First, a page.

Steve always looked forward to the carefree days of summer. During the intense heat of summer, the oceans, rivers, lakes, and pools beckon playfully. Teasingly they invite us. Compellingly, the balminess of the day pushes us towards them till at last, with childlike exuberance, we plunge into the cool, invigorating waters of summer, finding delight, refreshment, and relief. There, in the midst of our joy, we also have this: "Immanuel, God with us." However, in the abundance of good things, we take little notice of it.
Unexpectedly winter comes. Gently but compellingly, the good shepherd leads us through the piercing, numbing chill of the icy waters of grief and affliction. Against our will, we are made to plunge deeply into sorrow and loss. We entertain thoughts that even death would be preferable to this experience of pain and misery. Then, in the fullness of time, the shepherd leads us out of those waters, inviting us to come to his fire where we can be warmed. He entreats us to come sit by him and be comforted.
With anger and resentment, many grieving souls rebel against the good shepherd, despising his comfort. As the storm rages around them, they become cynical and bitter.
Some refuse to entertain any hope that the one who leads us through affliction might also bring comfort. They prefer a morbid contemplation of their own misery to fellowship with him.
Many rail against the good shepherd, abandoning all hope and faith, demonstrating and exposing their previously latent idolatry: that the one who has passed on was more beloved than the one who would save their very souls.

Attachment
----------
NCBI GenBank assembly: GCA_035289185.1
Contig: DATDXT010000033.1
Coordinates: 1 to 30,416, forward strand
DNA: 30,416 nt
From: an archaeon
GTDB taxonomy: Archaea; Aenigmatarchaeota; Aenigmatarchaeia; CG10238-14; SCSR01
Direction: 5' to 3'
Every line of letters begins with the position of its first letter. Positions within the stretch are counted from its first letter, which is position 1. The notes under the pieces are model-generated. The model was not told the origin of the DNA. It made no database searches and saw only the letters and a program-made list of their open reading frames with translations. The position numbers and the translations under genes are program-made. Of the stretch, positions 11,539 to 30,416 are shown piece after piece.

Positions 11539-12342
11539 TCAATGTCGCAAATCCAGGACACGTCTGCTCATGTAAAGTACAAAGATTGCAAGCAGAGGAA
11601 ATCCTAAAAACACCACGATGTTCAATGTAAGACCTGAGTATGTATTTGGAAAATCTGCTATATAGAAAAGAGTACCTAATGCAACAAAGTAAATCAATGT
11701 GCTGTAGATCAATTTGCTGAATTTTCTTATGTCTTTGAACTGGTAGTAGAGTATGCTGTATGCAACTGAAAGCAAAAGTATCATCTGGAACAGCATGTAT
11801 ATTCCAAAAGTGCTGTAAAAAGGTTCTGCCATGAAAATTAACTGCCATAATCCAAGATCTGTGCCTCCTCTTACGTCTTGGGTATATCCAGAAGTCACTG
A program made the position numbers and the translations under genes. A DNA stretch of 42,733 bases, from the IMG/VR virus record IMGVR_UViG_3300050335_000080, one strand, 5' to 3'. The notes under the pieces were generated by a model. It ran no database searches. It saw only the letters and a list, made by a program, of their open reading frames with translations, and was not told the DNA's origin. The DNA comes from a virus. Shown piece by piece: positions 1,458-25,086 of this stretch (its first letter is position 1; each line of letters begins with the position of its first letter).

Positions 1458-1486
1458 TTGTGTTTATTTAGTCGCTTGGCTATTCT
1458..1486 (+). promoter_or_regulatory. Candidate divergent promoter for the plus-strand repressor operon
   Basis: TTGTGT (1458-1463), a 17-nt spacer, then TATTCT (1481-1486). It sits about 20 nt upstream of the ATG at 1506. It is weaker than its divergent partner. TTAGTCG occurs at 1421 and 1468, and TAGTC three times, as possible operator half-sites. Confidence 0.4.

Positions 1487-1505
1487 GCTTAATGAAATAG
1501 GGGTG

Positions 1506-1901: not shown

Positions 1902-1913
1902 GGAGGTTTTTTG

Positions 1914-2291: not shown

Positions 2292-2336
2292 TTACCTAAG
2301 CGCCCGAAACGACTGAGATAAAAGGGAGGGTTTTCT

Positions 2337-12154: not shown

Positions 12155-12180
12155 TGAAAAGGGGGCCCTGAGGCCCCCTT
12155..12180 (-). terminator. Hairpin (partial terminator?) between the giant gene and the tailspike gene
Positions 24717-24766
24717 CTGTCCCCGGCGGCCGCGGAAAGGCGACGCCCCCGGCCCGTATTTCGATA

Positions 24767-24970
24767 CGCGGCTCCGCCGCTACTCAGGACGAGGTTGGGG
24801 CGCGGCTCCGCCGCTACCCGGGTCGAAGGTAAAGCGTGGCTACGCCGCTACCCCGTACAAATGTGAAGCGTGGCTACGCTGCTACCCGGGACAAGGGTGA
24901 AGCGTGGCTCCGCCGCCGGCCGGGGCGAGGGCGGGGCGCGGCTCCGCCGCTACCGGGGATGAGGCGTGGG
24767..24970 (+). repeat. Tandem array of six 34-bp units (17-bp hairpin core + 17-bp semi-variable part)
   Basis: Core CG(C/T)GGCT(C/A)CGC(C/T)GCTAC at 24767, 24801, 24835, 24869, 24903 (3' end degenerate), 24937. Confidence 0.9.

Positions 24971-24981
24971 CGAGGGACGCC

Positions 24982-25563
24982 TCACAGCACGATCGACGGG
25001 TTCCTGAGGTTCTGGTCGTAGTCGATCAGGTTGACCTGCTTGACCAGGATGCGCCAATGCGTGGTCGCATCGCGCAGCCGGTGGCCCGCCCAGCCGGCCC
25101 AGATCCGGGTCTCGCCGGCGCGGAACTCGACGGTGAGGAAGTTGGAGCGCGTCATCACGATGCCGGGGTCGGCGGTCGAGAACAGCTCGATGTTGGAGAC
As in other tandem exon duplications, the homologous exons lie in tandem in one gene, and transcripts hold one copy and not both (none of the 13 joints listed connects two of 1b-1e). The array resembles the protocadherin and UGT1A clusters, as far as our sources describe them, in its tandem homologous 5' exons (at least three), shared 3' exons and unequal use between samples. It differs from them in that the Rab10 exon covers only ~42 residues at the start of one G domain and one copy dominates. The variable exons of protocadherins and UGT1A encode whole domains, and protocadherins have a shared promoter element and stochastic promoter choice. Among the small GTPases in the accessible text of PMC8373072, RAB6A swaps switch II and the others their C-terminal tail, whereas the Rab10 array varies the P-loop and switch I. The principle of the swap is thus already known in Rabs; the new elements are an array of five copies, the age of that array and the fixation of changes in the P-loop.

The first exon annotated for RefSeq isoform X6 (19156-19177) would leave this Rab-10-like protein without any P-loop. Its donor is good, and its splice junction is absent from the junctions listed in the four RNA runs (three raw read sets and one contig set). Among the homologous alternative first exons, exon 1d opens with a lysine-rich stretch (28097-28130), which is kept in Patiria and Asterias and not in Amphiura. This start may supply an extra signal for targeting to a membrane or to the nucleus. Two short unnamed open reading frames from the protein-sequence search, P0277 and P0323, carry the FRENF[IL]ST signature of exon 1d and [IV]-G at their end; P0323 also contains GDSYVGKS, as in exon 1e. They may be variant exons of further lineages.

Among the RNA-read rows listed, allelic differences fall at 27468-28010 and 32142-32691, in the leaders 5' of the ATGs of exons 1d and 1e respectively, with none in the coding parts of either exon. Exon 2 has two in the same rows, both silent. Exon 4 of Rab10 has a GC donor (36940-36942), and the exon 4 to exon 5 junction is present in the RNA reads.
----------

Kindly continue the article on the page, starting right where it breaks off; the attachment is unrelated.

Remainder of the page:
Others look up at the good shepherd, and, even though they understand very little, they say with Peter, "Lord, to whom shall we go? Thou hast the words of eternal life." (John 6:68, KJV) Thus, with hopeful hearts, they draw near to him.
The good shepherd invites these to draw near and to sit by his fire. There they find that even as the heat brings warmth to their bodies, the presence of the good shepherd brings healing to their souls. Here by the fire, they find the freedom to show the shepherd the deep hole that ripped through their very hearts when their loved one was taken. To their amazement, they find the good shepherd filling that hole with nothing less than himself. Seated by the good shepherd, they find joy in the midst of sorrow, comfort in the midst of pain, and consolation in the midst of great personal loss. They find a happiness that can never be washed away by the cold, icy rivers of winter, a joy that is rooted and planted in the abiding presence of the good shepherd, Jesus Christ himself.